Fill up, and bring flashlights
Simple advanced planning can make a world of difference: Check out 10 everyday emergencies you should be prepared to manage
. You can also look to AAA
for loads of tips and information on safe traveling. Make sure your car is up to date on maintenance, and that you don't let your gas tank dip below a quarter-full. With the shorter days of winter, having a few flashlights stashed in the car will help getting kids in and out safely, and come in handy if you have a flat tire. Make sure you have a cellphone cord with a car charger so you'll always be powered up in case of an emergency.
Keep an extra booster seat on hand
There's always an extra kid who needs a ride. Some parents are tempted to put the child into the car with just a seat belt—but that isn't safe. Most kids will need carseats up until middle school, depending on their height and weight. For more information, check out the American Academy of Pediatrics guidelines
. A great option is the mifold® the Grab-and-Go Booster
: Instead of boosting the child up to meet the seat belt, it pulls the belt down into the perfect position for the child. Amazingly, the device folds to fit in your glove box when you don't need it, and you know it must be safe because at least one police department uses it to transport kids in cruisers in emergencies. Retailing for $45, the device is intended for children between four and 12 years old who weigh between 40 and 100 pounds. For more car seat safety information, check out the number-one mistake parents make with car seats in winter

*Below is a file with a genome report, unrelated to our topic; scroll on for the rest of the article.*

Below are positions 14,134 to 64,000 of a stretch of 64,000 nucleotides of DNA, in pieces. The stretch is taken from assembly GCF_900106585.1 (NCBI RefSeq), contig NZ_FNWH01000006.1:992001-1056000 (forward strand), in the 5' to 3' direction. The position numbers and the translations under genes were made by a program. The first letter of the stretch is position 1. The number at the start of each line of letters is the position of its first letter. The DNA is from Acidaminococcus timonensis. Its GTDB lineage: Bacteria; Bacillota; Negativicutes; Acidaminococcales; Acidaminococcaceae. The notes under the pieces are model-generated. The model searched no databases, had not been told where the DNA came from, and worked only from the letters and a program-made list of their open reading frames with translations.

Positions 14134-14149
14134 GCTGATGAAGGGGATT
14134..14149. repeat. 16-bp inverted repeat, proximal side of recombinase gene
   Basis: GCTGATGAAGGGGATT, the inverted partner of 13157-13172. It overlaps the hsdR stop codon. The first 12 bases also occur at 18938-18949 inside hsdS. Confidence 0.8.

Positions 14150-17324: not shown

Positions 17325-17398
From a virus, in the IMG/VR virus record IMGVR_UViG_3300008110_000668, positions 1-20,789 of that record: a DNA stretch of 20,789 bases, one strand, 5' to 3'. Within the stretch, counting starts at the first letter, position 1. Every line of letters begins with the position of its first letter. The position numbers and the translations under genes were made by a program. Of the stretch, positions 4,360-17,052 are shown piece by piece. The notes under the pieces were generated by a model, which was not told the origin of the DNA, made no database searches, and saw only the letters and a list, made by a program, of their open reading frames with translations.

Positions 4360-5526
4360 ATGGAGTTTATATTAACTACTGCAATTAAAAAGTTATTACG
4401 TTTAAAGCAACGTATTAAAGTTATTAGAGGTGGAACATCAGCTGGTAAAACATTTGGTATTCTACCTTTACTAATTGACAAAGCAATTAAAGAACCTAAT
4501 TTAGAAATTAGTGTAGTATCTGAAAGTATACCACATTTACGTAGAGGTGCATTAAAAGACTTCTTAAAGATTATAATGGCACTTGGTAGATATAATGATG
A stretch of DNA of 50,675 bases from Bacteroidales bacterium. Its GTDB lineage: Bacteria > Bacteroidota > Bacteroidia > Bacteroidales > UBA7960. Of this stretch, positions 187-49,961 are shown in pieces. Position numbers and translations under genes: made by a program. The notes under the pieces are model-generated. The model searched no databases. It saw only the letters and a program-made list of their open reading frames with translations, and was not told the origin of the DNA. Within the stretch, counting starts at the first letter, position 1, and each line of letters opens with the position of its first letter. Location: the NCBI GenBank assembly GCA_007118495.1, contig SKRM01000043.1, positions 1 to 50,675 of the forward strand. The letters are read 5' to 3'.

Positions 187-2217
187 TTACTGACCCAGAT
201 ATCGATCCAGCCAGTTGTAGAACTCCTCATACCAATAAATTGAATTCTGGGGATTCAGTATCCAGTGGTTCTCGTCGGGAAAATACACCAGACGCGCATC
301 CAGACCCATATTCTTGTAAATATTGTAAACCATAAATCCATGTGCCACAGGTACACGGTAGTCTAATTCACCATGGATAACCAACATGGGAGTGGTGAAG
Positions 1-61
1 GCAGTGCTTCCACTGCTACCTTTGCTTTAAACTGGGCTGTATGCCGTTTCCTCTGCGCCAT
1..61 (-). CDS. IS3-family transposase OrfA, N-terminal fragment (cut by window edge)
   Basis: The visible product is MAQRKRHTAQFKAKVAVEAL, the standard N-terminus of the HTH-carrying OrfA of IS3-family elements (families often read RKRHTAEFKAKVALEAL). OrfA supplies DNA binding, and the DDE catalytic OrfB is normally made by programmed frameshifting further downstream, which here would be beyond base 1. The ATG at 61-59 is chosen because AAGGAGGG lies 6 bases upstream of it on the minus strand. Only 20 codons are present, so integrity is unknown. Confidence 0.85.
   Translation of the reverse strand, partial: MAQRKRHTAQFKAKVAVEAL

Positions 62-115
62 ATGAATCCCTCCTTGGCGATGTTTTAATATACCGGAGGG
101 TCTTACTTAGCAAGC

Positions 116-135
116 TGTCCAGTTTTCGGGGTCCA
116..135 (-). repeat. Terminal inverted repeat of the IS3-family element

Don't forget the driver
Being a parent can be stressful and tiring. You can learn a lot—and get empathy— from other parents of young children
. Driving other people's children safely is a big responsibility, which is why some carpooling moms or dads will nap in their car between carpools if there's time. Keep a few things in the car that are just for you, like a favorite book, a blanket, or great tunes. Francine Rothkopf, mom of three from Massachusetts says, "My minivan is my portable living room. I have electrical plugs and adapters galore. I always have my 36 ounce cup of ice water on hand (except when it's coffee). My Nook Reader lives in my purse (because sometimes it's not the minivan, it's the waiting room). Large bottle of ibuprofen and a container of gum. Nail file conveniently attached to visor. Lip therapy in cup holder. And the cell phone holder in the vent, so I can be hands free but use Waze to get everywhere. I even know where to pull up if I need to catch a Wi-Fi connection on my laptop!"